I repeat: there is no global warming. There is a climate crisis, however. The Earth is beginning to cool and, indeed, could be on the cusp of a new ice age. At the very least, we could be entering another one of the Earth’s previous mini-ice ages such as occurred from 1300 to 1850.

We can reduce our dependence on foreign oil, but neither the United States nor any other nation can ever be “energy independent.” Talk of energy independence is a deliberate lie that ignores the global marketplace for energy sources such as oil, coal, and natural gas.

Lastly, we are in a recession. The rest of the world is in a recession with us. Congress cannot “spend” us out of recession. That was tried during the Great Depression of the 1930s and it not only failed, it prolonged it well beyond the normal time such economic crises take to recover.

Obama is not a king. He is an elected President and, if these first two weeks are any indication, he and his Democrat controlled Congress are going to make every mistake made by FDR and his Congress.

By 2010, Americans will have an opportunity to return Congress to the control of a sobered Republican Party that can and should return to its principles of smaller government, fiscal prudence, and a strong defense policy.

Sunday, January 25, 2009

What's the Hurry? Kill the Recovery Act Now!

By Alan Caruba

Excuse me, but weren’t we told, just before the Bush administration folded its tent, that we had to throw billions at failing banks or the entire financial structure of the nation would self-destruct?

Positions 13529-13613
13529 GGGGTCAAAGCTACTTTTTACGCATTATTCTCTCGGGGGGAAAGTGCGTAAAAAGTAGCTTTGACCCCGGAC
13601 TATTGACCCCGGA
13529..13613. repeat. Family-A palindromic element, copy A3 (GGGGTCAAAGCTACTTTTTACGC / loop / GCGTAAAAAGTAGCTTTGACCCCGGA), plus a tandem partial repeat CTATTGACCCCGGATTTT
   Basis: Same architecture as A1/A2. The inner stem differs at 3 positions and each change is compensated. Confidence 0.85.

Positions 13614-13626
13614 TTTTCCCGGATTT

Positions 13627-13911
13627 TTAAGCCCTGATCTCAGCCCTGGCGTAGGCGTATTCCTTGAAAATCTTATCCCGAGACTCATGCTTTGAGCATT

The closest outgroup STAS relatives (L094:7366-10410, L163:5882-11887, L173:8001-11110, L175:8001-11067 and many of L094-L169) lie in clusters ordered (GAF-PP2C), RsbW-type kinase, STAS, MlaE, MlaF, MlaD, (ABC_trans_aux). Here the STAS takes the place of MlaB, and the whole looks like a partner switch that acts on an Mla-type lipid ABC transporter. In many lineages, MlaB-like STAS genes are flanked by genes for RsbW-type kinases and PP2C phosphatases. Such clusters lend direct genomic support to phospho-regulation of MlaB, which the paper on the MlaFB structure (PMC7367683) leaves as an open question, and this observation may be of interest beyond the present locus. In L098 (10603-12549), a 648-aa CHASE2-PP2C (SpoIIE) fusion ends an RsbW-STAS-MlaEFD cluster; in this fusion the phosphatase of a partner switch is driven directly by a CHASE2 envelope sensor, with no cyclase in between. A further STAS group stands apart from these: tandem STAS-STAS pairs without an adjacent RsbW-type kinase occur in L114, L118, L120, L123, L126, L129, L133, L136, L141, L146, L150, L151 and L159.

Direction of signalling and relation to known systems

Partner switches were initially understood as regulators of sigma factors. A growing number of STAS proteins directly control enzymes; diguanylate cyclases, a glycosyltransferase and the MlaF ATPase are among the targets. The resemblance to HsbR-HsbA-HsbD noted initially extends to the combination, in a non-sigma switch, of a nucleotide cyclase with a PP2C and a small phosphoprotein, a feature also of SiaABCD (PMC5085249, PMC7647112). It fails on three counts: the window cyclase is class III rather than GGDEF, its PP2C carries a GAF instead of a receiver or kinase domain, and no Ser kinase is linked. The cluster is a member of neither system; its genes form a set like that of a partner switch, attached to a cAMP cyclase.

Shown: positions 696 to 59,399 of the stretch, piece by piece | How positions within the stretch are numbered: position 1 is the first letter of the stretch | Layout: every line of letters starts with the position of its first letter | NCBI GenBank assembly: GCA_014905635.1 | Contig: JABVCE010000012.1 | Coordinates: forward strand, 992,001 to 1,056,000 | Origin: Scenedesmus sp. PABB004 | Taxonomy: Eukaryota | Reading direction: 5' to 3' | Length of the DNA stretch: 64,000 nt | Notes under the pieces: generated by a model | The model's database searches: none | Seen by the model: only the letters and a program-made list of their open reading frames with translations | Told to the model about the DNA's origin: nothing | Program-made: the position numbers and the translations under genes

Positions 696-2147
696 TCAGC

Remember that three-page memorandum from former Secretary of the Treasury, Hank Paulson, late of Goldman Sacks, that said give me $700 billion? Trust me. Yours truly, Hank P. (And now Congress is contemplating replacing him with a known tax cheat!)

Remember how Sen. John McCain stopped campaigning and ran off to Washington, D.C. to take part in top-level meetings? And now, we hear, he will not vote for more billions in bailout money. Obama said next to nothing. Now he says we have to ruin our economy by taking on the kind of debt that no one can begin to comprehend.

There is far too much political theatre taking place and far too little of what the Constitution is designed to do; ensure that there is plenty of discussion before any fad or fancy becomes law.

I simply distrust and dislike the appeals from President Obama that say that this Mother of All Pork Bills, an alleged “recovery” act must be passed within a week’s time. That is no way to spend $825 billion and upwards of a trillion dollars. Aren’t we already deep in hock to China and Japan?